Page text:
Pricing on the Model 870 can vary greatly. You can find them from $279 dollars (on sale) to $749.99 on a Wingmaster (the Cadillac model). If I haven’t beat the dead horse enough yet (I’d use my 870 for beating a dead horse) the money you spend is easily the best investment on a shotgun. A lot of people start on the 870 and “graduate” to other shotguns. I think I’ll still do my pump action for a long, long, long time. For someone starting into shotgun sports and upland or waterfowl hunting, a simple model 870 will work great, especially since you can put shell after shell through it.

I myself have been putting lots of shells through my Remington 870. This year I have been hitting the range about every week on my days off trying to get things dialed in since last season I lost more ducks then I like to admit. There are a few things I have had to do to my shotgun that I did not expect. The most recent adjustment I had to make was on the comb of my shotgun. The fit wasn’t right and that’s why I kept wounding or missing ducks. At least that’s one reason. I purchased a sleeve with some foam inserts that have raised the comb enough that I’m lining up better on my shotgun. It was a simple $25 dollar fix. The other adjustment I had to make was a little more technical and it intimidated me a little bit.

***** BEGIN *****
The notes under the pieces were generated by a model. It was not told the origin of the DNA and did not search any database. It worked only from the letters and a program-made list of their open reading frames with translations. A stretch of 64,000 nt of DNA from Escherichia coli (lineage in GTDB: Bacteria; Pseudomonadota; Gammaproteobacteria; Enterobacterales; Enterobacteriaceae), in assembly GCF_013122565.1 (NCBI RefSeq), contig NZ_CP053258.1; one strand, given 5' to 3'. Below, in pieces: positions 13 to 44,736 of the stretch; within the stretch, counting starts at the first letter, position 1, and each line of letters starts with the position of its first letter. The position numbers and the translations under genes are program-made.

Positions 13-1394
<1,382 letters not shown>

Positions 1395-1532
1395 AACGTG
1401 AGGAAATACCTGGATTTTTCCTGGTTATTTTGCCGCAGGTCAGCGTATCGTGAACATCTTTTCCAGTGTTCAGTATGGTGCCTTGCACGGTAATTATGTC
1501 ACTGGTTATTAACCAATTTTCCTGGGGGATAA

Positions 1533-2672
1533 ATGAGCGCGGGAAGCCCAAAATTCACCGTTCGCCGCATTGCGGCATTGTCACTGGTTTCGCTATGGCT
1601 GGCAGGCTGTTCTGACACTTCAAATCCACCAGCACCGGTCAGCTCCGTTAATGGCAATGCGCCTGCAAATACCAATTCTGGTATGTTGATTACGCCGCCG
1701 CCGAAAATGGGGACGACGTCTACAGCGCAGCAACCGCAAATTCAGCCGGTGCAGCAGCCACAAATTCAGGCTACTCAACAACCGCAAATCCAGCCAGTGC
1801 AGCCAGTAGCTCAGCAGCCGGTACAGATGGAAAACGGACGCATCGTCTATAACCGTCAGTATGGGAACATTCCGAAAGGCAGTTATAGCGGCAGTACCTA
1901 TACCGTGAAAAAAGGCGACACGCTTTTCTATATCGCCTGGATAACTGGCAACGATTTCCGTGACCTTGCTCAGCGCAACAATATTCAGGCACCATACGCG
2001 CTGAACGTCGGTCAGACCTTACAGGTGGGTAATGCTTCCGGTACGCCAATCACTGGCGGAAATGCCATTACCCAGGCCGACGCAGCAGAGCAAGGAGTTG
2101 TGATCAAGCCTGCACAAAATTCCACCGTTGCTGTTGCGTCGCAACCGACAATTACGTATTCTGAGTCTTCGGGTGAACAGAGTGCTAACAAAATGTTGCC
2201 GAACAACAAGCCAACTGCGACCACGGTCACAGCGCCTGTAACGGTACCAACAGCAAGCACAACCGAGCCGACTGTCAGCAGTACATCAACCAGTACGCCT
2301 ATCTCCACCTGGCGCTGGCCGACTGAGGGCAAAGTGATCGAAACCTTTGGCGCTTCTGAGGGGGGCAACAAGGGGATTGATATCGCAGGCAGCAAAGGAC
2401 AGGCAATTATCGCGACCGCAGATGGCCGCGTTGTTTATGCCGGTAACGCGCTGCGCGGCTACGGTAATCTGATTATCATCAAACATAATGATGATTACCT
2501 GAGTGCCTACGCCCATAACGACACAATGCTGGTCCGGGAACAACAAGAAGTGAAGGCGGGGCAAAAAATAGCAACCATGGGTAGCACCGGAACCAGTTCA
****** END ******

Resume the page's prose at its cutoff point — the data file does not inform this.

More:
Apparently, at some point, Remington decided to start making some parts of the action out of a mold. This allowed for some inconsistencies in manufacturing and in performance. I didn’t notice this until my first winter hunting with my shotgun. I had charged a shell and had just fired at a goose flying in front of my blind when I went to reload and my shotgun didn’t expel the spent shell. My level of frustration left me fuming. I figured it was the shell, and then I blamed it on being so cold outside the metal wasn’t expanding enough to allow my extractor pin to work. When I’d shoot clay pigeons I was expelling spent shells with no problem so it must have been something else. After my second year, the problem got worse and I could not get more than one or two shots off before I was jammed.

The solution was simple it took a little research and it took a good friend telling me I needed to replace my extractor pin. He explained to me how the molded pieces would wear and not be able to extract and that I needed to buy a replacement, machined, extractor pin. I went to the experts on YouTube and put on some big boy pants and gave the repair a shot. It was easy and I have never had an issue since. That replacement part was another $20 dollars.